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Racial impact statements may help reduce racial disparities in sentencing.

In 2017, due to the efforts of criminal justice reform advocates, lawmakers in Arkansas, New Jersey, and Vermont considered adding a new requirement to future criminal justice bills: a racial impact statement analyzing whether, if enacted, the bill would have a disparate impact on people of color.For the status of this proposed legislation, see Arkansas SB 237 (2017) (died in the House); New Jersey SB 677 (2016) (referred to committee January 2018); and Vermont HB 492 (2017) (referred to Senate Judiciary Committee January 2018). Also see The Sentencing Project, State Advocacy Update: Mid-Session Trends in State Criminal Justice Reform (Washington, DC: The Sentencing Project, 2017); and Color of Pain, “Racial and Ethnic Impact Statements,”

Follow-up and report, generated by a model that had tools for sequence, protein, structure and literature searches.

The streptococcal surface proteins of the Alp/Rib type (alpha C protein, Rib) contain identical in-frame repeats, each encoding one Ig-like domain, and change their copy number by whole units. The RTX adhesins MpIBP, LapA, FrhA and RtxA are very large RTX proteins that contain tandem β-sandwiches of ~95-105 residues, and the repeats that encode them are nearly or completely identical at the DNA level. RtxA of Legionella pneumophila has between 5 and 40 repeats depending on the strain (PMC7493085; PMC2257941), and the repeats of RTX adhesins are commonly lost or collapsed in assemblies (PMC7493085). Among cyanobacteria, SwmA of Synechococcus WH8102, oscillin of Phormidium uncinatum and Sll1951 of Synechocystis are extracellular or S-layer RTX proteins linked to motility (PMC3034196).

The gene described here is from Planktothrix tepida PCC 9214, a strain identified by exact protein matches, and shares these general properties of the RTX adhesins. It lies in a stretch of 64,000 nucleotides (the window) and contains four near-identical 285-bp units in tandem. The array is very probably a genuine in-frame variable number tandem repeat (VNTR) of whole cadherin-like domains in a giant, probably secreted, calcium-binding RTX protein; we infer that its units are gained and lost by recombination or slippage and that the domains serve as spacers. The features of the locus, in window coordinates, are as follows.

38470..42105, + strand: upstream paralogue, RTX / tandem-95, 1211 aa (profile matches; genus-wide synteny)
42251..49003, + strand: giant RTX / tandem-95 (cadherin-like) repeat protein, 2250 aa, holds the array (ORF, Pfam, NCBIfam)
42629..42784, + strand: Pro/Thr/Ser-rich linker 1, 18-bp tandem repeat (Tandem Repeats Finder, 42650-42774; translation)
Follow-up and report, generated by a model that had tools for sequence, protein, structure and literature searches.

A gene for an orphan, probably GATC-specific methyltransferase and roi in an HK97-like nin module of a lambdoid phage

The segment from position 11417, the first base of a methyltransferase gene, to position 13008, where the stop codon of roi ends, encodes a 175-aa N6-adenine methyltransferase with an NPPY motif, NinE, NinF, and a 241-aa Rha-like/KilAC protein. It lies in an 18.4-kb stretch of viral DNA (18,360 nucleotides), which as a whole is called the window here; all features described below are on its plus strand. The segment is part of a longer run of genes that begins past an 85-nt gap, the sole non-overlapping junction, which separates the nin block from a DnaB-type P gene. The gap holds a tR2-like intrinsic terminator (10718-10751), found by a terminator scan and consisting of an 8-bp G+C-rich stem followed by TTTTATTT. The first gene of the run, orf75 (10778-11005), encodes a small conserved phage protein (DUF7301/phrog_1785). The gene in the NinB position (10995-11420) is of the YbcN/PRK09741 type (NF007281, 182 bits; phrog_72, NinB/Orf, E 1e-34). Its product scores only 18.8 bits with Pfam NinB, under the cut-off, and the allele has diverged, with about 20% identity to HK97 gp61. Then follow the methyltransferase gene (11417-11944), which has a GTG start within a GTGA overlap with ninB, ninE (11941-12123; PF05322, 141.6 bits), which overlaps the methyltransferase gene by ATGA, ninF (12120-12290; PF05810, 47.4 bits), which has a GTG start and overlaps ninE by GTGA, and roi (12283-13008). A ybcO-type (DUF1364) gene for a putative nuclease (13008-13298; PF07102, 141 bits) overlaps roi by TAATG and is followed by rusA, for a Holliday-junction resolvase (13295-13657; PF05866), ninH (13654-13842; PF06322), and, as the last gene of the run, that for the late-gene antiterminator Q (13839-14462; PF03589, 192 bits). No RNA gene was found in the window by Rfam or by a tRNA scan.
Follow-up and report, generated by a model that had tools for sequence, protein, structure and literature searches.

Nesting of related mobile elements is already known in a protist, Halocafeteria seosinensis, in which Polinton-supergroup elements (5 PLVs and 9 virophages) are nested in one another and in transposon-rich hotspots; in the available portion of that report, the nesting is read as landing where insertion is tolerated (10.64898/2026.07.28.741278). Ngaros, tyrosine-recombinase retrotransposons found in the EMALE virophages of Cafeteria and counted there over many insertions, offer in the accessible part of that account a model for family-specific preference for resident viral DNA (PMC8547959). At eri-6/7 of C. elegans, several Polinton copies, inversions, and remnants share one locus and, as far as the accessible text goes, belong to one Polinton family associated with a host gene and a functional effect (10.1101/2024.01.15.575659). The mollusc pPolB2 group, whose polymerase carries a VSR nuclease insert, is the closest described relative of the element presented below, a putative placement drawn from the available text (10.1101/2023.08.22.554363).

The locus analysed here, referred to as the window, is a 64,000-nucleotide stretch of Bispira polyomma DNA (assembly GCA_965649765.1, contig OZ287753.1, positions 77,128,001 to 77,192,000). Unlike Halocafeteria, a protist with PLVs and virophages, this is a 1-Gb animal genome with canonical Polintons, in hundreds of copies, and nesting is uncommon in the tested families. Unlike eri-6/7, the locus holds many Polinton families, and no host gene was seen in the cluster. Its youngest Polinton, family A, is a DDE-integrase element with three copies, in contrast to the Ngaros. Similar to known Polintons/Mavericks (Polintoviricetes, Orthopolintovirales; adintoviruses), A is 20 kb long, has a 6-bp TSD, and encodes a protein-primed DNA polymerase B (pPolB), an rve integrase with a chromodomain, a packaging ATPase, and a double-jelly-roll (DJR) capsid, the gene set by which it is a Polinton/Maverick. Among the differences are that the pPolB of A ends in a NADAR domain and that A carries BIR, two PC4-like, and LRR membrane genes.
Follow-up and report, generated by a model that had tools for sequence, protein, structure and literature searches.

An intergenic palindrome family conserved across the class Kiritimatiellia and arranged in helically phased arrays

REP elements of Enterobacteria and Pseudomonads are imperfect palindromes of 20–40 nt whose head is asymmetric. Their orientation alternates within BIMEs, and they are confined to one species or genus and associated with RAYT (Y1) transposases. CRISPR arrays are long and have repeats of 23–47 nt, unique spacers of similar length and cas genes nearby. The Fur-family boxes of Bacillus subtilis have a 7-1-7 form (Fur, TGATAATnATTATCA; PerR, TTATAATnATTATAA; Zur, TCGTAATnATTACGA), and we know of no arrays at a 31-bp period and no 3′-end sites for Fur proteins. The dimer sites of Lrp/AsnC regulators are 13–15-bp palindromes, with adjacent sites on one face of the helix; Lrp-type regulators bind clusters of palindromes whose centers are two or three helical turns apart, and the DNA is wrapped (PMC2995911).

For example, in New Jersey, lawmakers in 2017 considered SB 677—which passed in early 2018—which requires state agencies to prepare a racial and ethnic impact statement for new criminal justice bills affecting, among other things, sentencing.New Jersey SB 677 (2016). Also see “New Jersey Enacts Law to Examine Racial and Ethnic Impact of Sentencing Changes,” The Sentencing Project, January 17, 2018. Currently, three states—Connecticut, Iowa, and Oregon—require racial impact statements for changes to criminal laws.Color of Pain, “Racial and Ethnic Impact Statements.” Minnesota’s Sentencing Guideline Commission routinely prepares racial impact statements for its legislature, but the practice is not required by law.Minnesota Sentencing Guidelines Commission, “Reports,”